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Galapagos Volunteering – Part Two

Monday we have a reprieve, we will start on Tuesday at the school and Willy sits us down and talks to us about the kids and what to expect. San Cristobal has a population of 6000 of which just under half are of school age!?! This not so much a demographic problem (young people are good news as they will soon be workers) but a contraception problem. We are told that 13 year old Mums are common place and many teenagers struggle, unsurprisingly with parenting. Some quick maths tells me that I could already be a great grandfather and not just plain old dad if I started so young and my offspring followed in my footsteps. I start to wonder about Ben being 13 years old quite soon but don’t want to go there.

San Cristobal School Sign

Our skool

Willy lays it on and tells us if it is ‘different’ here and not to expect the standard of discipline we might expect. Classes will be noisy and kids often get up and run around. With no streaming the mixed abilities mean it is difficult to target lessons to the brightest and slowest and the large class sizes make much of the lesson about crowd control. Some kids get hit at home or don’t come from loving homes so expect some emotional issues. To be a teacher you now need to have a teaching degree but they have a transition period so some don’t which is apparently a problem. We don’t admit to our shameful degreeless status. But they need help and we can make a difference. I remind myself that if it was easy it would be boring. More

Galapagos Volunteering – Part One

Map of Galapagos Islands (Ecuador, South America)

Map of Galapagos Islands (Ecuador, South America). We are on San Cristobal (Photo credit: Wikipedia)

It is a long time since I blogged and I have missed it! Mo has been hogging the computer with her excellent Amazon Diary but I have plenty of posts planned so I won’t be as quiet.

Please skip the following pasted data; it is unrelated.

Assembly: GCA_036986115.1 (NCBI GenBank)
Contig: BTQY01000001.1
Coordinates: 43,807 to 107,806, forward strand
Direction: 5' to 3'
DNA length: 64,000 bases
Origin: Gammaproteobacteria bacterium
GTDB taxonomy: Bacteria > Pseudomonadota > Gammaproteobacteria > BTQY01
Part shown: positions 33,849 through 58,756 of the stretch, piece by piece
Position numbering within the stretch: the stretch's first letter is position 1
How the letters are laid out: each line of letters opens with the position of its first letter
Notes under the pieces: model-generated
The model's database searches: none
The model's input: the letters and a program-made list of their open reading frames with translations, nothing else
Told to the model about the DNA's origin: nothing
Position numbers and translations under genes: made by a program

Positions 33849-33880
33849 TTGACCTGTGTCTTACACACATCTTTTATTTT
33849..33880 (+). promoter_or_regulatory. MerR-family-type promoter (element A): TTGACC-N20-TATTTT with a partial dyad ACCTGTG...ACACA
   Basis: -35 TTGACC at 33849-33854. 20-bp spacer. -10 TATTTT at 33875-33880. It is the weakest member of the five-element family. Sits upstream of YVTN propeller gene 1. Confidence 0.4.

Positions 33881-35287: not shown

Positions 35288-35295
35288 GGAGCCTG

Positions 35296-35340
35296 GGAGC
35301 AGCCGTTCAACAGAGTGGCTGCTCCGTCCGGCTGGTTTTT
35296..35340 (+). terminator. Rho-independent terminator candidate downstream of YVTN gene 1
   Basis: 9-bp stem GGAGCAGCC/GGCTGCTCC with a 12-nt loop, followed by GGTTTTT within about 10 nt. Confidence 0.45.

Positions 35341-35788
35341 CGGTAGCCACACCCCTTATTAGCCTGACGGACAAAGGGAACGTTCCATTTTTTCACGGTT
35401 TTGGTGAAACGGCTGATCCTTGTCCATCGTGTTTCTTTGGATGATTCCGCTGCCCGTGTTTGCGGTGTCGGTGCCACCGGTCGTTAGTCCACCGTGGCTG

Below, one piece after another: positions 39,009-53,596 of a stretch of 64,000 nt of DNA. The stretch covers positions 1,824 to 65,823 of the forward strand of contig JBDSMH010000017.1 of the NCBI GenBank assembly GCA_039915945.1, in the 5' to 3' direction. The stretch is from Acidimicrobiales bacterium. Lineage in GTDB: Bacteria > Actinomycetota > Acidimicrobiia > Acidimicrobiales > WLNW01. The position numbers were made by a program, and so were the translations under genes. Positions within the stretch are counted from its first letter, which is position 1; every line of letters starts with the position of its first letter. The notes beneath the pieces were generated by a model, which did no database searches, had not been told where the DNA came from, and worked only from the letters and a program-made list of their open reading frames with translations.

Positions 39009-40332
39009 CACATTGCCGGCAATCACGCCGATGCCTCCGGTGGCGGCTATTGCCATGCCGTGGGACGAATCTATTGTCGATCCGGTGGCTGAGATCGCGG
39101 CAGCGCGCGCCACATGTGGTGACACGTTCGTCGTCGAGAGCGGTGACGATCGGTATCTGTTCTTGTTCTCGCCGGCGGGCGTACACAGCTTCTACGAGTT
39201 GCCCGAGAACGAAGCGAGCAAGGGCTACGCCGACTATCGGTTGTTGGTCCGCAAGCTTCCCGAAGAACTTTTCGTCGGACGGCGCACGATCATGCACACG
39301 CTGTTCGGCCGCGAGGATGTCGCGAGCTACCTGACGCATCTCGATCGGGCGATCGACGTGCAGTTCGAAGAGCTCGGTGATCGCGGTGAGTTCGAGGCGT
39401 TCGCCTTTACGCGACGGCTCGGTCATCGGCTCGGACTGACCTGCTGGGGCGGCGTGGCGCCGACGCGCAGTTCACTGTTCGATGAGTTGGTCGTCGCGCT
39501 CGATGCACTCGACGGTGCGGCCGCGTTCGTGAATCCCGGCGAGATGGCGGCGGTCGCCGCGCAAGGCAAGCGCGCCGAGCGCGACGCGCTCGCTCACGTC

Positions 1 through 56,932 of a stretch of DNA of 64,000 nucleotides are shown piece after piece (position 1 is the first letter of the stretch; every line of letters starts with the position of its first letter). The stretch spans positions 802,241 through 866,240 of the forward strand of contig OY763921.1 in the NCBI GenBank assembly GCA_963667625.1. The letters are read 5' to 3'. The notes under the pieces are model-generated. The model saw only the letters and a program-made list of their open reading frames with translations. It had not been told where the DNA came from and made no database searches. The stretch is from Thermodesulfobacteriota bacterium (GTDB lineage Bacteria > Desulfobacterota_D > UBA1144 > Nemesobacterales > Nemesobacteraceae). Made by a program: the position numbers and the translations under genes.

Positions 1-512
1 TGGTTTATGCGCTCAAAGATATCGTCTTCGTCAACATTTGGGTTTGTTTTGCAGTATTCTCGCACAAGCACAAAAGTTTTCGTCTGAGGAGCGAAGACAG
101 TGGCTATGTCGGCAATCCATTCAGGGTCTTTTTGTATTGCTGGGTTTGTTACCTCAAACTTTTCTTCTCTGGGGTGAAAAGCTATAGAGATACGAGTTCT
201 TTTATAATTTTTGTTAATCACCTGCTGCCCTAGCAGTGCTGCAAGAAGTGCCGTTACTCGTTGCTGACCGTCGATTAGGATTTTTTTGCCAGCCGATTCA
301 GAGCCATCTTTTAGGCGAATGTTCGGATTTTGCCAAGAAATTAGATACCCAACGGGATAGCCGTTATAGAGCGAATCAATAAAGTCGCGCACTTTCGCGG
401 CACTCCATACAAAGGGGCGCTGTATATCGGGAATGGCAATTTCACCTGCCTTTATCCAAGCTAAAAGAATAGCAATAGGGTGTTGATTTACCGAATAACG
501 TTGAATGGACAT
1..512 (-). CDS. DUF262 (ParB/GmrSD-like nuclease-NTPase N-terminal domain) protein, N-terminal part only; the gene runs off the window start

We spent a few weeks in Quito learning Spanish, the success of which we will soon find out as we are in at the deep end with a month volunteering in the Galapagos. Apart from our one way flights to Rio the ‘volunteering’ was the only thing we booked well in advance. My preference was to try and find projects while in country but Mo was insistent we book something, perhaps she thought this was the only way to ensure we did give something back and not just spend our time on idyllic beaches drinking cocktails between swims and massages?!? More

The Adventure Travel Show, how useful for a Family Gap Year?

With Oma baby sitting and Mo and I nursing mild hangovers we jumped on a train up to Olympia to visit the Adventure Travel Show a couple of weekends ago to do some research for our family gap year. Not sure what to expect but as usual nothing ventured, nothing gained.

I recognised quite a few of the speakers but the closest we got to any talks was standing next to Charley Boorman in the coffee area which was a shame as I would have found them pretty interesting (and Mo would have worried that I was after a bit too much adventure!). Nick Hewer of Apprentice fame was giving a talk More

4 Months to D Day!

Eek! The ticker on our countdown has just moved from 5 to 4 months!

After scouting around for families who have written or blogged about their gap year experiences, I’ve been reading Elisa Bernick’s ‘Family Sabbatical Handbook’ and blog from her family’s 18 month adventure living in Mexico